Dispersion is replaced by integration. “Either-or” must give way
to “and.” —Wassily Kandinsky
Like trying to describe a color with words, a painter reaches for
what is hard to make real.
Like color, a painting can seem to be more than one thing.
Kandinsky praised the capacity for “thought in two simultaneous
directions.” The way in which a painter wrestles with issues is hard
to pin down. There is no ever-reliable solution. A painting depends
not just on the painter, but also on the imagination and willingness
of the viewer.
Neither here nor there presents a collection of work that eludes,
disrupts, or transforms what seems familiar. The painters included
here engage distinctly with fundamental aspects of painting:
Stephanie Pierce, Gideon Bok, and Sam Bates make paintings that
shift time and place. Pierce paints time, intimate and incremental.
As light passes through a window, across a wall, she tracks its
movement, its warmth, refusing the easy, snapshot logic of a single
moment. Bates’ paintings begin with memories of specific places,
but as the work develops, the places widen. It is her intention that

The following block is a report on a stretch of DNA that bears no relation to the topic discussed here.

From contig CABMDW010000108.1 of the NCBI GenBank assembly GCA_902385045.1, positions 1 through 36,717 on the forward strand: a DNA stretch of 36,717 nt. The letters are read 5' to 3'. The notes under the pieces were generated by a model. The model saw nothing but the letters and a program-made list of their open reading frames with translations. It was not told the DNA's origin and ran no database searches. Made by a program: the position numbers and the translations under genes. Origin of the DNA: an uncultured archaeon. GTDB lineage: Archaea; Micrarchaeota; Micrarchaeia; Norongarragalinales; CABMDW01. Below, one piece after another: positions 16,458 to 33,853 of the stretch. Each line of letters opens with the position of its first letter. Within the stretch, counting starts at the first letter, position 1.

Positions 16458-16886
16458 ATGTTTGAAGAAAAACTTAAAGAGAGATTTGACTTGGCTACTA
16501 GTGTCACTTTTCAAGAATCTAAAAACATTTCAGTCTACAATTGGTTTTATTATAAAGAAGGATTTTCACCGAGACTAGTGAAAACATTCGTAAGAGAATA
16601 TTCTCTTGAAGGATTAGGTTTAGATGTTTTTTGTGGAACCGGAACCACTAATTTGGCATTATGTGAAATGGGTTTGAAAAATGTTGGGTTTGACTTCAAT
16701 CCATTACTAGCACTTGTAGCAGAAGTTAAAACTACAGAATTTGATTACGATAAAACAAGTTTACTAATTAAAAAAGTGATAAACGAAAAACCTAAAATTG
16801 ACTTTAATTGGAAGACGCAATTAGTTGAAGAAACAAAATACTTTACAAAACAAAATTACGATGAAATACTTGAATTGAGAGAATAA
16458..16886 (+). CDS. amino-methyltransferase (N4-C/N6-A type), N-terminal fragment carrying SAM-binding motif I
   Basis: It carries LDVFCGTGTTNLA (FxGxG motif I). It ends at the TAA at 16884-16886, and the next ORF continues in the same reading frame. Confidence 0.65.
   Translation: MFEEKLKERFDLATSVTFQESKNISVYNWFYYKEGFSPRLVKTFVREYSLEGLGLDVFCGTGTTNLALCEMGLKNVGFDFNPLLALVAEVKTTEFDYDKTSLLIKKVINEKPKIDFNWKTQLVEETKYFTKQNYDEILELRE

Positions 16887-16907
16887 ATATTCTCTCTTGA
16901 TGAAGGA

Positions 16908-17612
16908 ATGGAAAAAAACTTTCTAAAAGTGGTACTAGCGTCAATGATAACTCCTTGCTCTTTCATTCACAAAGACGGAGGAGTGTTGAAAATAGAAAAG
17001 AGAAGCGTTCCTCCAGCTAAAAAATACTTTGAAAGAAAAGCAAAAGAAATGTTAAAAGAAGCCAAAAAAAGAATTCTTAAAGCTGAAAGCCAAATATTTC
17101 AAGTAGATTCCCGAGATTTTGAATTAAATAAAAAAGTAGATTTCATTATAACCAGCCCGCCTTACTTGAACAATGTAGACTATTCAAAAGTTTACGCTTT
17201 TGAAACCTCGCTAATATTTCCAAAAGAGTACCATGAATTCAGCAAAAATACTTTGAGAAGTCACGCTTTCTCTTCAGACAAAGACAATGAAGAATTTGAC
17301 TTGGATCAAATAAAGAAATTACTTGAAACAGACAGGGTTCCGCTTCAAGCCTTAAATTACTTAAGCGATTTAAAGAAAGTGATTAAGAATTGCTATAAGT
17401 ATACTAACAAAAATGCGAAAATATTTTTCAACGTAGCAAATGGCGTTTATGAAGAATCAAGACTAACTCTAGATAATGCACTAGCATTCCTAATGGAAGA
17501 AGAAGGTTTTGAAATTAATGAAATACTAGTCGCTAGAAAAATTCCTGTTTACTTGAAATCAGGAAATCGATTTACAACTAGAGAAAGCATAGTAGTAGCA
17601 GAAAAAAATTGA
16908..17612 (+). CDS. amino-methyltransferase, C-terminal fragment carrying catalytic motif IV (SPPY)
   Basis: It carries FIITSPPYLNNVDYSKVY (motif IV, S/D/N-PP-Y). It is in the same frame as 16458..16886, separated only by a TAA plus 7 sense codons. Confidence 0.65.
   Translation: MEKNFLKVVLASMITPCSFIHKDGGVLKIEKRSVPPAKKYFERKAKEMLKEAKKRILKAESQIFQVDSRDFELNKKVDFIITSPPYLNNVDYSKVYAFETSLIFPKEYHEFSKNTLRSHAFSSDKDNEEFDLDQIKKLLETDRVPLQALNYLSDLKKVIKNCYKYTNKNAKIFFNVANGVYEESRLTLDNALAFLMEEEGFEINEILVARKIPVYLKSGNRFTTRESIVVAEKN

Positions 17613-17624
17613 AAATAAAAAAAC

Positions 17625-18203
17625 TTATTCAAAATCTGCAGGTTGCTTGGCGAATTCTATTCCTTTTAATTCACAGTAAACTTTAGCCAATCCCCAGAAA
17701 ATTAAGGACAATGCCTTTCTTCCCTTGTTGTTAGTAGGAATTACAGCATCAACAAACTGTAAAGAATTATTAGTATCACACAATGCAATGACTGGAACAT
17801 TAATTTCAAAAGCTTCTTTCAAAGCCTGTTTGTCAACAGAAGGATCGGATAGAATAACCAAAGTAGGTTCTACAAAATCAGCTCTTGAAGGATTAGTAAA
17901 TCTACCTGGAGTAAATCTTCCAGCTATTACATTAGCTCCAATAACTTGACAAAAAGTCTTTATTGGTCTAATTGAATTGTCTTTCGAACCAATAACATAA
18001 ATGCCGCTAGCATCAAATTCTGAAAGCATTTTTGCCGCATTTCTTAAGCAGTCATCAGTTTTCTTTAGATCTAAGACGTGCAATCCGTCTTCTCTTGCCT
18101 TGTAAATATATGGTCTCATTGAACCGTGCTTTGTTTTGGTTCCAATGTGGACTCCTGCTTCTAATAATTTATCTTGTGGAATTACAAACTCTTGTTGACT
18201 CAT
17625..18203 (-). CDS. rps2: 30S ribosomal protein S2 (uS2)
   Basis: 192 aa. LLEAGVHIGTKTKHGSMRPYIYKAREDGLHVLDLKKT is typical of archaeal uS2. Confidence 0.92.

viewers bring their own memories, experiences to the landscape.
Her earnest mark making transforms the specificity of place,
shifting the very ground beneath our feet. As Pierce and Bates are
to Nature, Bok is to human activity. Figures move about, play,
work or idle. Time passes and is compressed. Events unfold in a
single still image and the residual clutter fills the space.
Sam King’s paintings issue from a back-and-forth between
methodical routine and improvisational impulse. His color and
gesture simultaneously suggest and negate space, light, narrative,
engaging (and perhaps antagonizing) our instinct for recognition.
Murphy makes paintings that begin with a set of assumptions about
what a painting is. The process of working through these
assumptions leads to paintings that come up to the line of
sculpture, however, the world of color and illusionistic space seem
to deny or contradict the purely sculptural. Hellmann’s painting
sculptures similarly defy easy classification. Planes advance and
recede and slide and shift in ways that are both physical and
illusionistic. The result is a play between the fiction and the real.

Translate »